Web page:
Even if you’re not a Python fan or just don’t get that British humor, you owe it to yourself to see this film if you’re at all interested in Arthurian myth. The foundations of English, Welsh and French world views can all be dug out from this script.

The Pythons have gotten everything right in this. A perilous quest, inspired by god, involving fools who must mature and live through countless otherworldly tests and threats. Finally our heroes acquire the ultimate quest object, the Holy Grail, only to have it snatched away from them again in the end. The grail is timeless, and not likely to be available to mere mortals for any length of time.

The Holy Grail makes lampooning these cornerstones of the mythical universe seem effortless, when in fact if you’ve read extensively on the subject, you’ll find they’ve incorporated every major element of Arthurian myth into their tale and many minor ones as well. They’ve done it so well that the unaware public has no idea they’ve just received an extensive education in Arthurian myth.  Plus you get to see a young man dressed as an old woman beating a cat against the side of a wattle and daub hut. Now that is film making.

There are many other films that deal with the medieval subject, many of which are pure Hollywood drivel which may be fun for a night out or a night on the couch but don’t do much to satisfy my need for a wonderfully accurate movie. A few others that I will mention in brief:

The Name of the Rose: Umberto Eco strikes again, this time with the movie created from his novel of the same name. Here we have an accurate microcosm of the medieval world recreated for us. According to Mr. Slater, he lost his virginity on film in this move. Worth the watch for everything but that but more worth the read.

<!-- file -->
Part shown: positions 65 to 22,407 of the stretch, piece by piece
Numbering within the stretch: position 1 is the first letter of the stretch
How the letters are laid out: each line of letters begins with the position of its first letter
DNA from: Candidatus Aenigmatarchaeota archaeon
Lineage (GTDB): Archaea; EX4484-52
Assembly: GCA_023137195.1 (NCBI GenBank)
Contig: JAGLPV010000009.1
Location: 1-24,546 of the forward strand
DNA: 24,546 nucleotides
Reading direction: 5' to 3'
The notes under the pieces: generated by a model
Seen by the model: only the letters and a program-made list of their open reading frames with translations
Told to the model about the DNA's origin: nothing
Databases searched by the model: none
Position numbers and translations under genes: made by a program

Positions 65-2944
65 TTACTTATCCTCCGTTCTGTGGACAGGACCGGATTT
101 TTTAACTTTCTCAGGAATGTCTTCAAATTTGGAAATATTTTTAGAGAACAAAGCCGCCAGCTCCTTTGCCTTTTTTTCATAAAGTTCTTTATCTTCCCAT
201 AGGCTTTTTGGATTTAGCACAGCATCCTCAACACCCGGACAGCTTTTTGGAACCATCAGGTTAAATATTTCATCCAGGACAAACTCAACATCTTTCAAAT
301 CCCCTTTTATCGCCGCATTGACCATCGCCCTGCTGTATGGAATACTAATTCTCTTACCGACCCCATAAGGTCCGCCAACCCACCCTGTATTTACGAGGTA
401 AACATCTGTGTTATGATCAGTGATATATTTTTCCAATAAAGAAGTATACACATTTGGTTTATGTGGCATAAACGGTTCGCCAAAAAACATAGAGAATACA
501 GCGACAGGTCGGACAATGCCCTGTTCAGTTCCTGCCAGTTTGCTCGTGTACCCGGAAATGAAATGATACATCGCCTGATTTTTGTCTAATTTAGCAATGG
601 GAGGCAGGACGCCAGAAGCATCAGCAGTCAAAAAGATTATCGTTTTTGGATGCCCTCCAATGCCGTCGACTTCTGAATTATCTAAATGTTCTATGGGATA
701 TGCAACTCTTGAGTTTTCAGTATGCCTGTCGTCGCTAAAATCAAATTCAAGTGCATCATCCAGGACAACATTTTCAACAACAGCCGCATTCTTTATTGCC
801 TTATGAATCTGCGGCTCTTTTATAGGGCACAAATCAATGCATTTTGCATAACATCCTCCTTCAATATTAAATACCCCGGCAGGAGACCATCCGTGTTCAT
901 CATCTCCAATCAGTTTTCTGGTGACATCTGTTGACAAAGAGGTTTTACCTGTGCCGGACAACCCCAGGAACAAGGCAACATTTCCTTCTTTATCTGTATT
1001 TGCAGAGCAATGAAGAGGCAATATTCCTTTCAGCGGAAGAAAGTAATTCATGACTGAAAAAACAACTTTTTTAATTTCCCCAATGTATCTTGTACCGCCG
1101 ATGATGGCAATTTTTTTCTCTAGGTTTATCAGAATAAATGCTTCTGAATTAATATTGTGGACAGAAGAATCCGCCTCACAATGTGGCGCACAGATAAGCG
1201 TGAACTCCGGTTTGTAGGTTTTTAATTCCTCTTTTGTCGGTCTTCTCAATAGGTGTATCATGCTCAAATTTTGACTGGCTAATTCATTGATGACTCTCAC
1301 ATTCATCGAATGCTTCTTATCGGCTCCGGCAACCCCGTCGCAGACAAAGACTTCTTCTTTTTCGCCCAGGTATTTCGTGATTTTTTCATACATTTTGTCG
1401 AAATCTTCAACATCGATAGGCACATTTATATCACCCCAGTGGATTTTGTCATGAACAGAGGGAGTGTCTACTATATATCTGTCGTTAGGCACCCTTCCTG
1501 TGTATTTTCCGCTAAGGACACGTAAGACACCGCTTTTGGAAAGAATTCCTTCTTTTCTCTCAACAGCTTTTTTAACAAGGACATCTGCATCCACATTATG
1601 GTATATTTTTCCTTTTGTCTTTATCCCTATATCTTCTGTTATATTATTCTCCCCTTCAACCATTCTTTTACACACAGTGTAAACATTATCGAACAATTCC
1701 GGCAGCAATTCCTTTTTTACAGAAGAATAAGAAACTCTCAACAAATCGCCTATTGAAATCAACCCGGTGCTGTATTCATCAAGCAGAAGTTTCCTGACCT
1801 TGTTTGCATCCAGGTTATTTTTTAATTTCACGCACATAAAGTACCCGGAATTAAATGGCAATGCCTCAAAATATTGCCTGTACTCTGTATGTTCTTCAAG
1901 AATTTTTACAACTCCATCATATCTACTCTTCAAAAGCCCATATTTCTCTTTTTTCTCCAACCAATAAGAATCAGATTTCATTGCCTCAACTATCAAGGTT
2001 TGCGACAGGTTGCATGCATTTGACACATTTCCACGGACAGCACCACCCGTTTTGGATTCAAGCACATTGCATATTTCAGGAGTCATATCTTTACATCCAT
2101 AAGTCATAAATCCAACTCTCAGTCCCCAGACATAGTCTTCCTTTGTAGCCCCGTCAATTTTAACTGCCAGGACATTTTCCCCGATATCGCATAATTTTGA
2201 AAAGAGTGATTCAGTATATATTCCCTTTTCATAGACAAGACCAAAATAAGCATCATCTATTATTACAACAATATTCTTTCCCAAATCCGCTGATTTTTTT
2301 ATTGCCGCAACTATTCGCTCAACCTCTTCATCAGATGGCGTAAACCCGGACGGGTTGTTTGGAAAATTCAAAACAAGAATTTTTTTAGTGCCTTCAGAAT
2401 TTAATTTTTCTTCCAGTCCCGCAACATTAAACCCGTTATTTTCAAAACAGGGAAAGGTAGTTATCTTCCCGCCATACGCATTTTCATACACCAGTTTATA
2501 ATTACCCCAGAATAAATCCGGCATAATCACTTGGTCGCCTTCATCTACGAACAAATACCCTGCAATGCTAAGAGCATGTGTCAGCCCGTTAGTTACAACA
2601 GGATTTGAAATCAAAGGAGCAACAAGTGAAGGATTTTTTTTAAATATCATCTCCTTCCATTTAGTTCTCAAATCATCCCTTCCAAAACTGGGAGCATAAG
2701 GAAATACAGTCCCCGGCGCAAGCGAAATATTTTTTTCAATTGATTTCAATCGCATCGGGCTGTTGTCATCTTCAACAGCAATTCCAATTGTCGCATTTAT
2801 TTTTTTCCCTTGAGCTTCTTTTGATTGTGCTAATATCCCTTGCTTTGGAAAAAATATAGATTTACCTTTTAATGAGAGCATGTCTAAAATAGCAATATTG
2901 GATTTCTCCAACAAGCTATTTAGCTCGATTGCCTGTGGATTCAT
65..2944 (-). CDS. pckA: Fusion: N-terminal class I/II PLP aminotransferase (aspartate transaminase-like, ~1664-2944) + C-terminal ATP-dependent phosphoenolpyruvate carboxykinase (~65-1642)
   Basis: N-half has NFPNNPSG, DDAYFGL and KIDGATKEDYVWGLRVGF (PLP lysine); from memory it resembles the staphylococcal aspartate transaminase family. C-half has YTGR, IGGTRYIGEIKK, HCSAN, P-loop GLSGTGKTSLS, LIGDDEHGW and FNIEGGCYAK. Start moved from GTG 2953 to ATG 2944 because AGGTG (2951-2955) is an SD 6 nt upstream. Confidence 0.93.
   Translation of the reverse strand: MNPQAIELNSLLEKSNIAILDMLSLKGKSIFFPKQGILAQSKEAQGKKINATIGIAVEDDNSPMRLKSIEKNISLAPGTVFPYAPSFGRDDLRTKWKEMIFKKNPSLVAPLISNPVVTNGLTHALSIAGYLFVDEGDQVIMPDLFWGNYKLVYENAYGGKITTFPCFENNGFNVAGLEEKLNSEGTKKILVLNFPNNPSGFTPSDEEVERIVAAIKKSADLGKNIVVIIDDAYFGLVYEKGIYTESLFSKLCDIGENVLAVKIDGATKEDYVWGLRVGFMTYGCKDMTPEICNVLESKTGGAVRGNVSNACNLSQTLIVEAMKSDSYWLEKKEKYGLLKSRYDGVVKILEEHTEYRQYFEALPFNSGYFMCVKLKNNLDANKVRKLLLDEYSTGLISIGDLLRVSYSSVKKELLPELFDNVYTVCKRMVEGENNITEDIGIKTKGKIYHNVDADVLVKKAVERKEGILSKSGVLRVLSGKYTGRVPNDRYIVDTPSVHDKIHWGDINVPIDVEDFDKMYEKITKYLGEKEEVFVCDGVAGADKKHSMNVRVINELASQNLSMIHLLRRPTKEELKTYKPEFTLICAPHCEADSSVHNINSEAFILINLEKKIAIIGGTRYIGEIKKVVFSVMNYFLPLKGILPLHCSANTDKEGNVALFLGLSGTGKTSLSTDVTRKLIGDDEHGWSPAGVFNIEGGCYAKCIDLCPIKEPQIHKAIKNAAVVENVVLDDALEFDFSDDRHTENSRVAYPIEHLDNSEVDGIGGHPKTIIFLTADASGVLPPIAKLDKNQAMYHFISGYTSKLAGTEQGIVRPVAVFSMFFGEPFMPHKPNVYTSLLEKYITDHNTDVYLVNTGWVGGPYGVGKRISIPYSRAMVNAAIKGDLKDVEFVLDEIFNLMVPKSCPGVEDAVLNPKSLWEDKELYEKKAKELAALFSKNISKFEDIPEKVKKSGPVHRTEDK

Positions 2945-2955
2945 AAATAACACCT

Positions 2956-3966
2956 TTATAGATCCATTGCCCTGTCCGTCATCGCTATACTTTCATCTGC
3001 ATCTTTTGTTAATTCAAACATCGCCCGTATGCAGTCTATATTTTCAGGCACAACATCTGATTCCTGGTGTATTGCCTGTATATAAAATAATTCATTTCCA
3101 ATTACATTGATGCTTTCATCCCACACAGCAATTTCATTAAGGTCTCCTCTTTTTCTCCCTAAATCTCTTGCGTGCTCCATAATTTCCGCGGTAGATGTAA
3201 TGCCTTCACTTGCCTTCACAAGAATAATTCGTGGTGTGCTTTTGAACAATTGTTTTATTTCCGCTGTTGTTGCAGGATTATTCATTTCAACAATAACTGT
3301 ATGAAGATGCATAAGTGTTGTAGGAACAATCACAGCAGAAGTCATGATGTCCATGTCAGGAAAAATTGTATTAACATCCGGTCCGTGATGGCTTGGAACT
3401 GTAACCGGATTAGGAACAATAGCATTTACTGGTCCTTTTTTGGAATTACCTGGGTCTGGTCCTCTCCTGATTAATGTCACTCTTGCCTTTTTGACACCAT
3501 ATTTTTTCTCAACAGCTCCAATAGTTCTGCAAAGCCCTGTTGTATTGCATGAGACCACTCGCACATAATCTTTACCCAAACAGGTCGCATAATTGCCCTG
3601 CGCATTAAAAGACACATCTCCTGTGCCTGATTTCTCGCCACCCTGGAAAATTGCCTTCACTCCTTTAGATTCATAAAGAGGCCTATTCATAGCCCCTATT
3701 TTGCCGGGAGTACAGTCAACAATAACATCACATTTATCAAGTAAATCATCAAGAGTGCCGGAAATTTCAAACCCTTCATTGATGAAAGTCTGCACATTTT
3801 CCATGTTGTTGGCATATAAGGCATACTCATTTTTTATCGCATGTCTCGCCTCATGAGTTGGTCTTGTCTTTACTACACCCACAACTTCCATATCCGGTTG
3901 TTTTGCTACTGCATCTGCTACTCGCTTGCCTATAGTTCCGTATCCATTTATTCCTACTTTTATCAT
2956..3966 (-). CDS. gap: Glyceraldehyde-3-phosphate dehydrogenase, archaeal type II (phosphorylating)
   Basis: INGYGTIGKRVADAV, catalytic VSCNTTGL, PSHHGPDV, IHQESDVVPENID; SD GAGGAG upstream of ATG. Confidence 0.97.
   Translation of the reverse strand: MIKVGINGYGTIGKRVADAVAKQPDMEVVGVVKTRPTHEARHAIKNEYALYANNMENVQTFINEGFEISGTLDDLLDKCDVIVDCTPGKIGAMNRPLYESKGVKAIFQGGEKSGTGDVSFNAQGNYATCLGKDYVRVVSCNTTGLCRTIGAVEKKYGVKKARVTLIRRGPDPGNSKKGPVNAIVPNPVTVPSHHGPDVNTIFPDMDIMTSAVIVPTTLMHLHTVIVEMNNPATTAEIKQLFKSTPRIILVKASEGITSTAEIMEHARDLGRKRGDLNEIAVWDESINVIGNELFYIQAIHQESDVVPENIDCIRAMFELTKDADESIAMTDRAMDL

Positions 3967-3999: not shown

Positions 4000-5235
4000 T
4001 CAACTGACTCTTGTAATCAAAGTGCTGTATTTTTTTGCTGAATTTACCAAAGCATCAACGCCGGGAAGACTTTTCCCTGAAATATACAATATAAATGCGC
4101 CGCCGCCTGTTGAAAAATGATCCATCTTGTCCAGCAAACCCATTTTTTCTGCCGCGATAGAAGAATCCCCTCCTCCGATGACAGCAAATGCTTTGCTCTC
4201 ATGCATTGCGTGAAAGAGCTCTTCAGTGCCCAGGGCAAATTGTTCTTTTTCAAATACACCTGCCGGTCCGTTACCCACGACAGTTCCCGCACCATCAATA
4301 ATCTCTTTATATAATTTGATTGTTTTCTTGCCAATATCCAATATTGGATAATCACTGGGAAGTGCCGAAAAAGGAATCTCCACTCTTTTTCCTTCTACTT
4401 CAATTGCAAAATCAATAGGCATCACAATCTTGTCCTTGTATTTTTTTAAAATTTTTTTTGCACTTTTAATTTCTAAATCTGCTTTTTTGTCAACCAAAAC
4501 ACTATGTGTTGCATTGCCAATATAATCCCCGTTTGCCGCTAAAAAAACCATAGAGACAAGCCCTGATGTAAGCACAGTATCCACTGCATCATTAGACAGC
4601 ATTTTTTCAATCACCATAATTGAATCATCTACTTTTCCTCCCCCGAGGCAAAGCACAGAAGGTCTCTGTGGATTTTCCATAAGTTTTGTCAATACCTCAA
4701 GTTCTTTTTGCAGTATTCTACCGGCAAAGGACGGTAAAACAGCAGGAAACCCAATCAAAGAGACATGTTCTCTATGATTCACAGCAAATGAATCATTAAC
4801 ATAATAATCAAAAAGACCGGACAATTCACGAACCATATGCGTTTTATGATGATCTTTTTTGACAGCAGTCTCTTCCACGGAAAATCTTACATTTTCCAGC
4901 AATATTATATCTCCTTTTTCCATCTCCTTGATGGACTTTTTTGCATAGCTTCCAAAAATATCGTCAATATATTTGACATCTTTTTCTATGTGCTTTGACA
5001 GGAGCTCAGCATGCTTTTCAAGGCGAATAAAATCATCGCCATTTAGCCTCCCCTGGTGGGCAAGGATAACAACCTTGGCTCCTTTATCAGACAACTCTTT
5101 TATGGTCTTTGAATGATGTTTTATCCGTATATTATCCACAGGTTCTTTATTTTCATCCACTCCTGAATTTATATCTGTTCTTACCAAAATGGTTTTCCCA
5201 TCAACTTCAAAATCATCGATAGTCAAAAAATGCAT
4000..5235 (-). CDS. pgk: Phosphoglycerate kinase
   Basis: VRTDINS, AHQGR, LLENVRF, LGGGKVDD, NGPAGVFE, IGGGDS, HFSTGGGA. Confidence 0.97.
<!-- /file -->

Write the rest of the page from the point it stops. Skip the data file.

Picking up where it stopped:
The Kingdom of Heaven : Ah, the crusades. Love them or hate them, they’ll always be the subject of films. This movie may not be a great movie in its own right, they’ve gotten the costumes spot on, as well as the locations. They’ve also done a half-decent job of showing the Muslim populations of the middle east at that time as not savages but as an educated (far better than their western counterparts) people who did much to advance western science. Saladin is portrayed not as an evil villain, but as a leader in both the military and social sense. In this, Kingdom of Heaven does a good job.

Excalibur: What can I say about this film. Accurate? Absolutely not. Epic? Hell Yeah. It’s the first (and hopefully the last) time I’ve ever watched a sex scene where at least one of the   participants is in full armor. For all it’s faults however, it is a great retelling of the Arthurian myth. It’s got the grand scale that I suspect many a medieval mind felt when reading the works on  Arthur in their own time and for this alone is worth watching.  Add to that about seven hundred pounds of aluminum armor, epic battles, the best played Merlin ever and Captain Picard.  Now you’ve got one hell of a mess but it’s pretty to watch and fun.

Coupled with the books I’ve recommended in an earlier article, these items are sure to get you into the proper mindset for such enjoyable tasks as being repressed, getting stoop backed hoeing crops or longing for the day when you can get bled before you die of the plague.

[tags]medieval, movies, film, arthurian myth, python, monty, excaliber, braveheart, rob roy[/tags]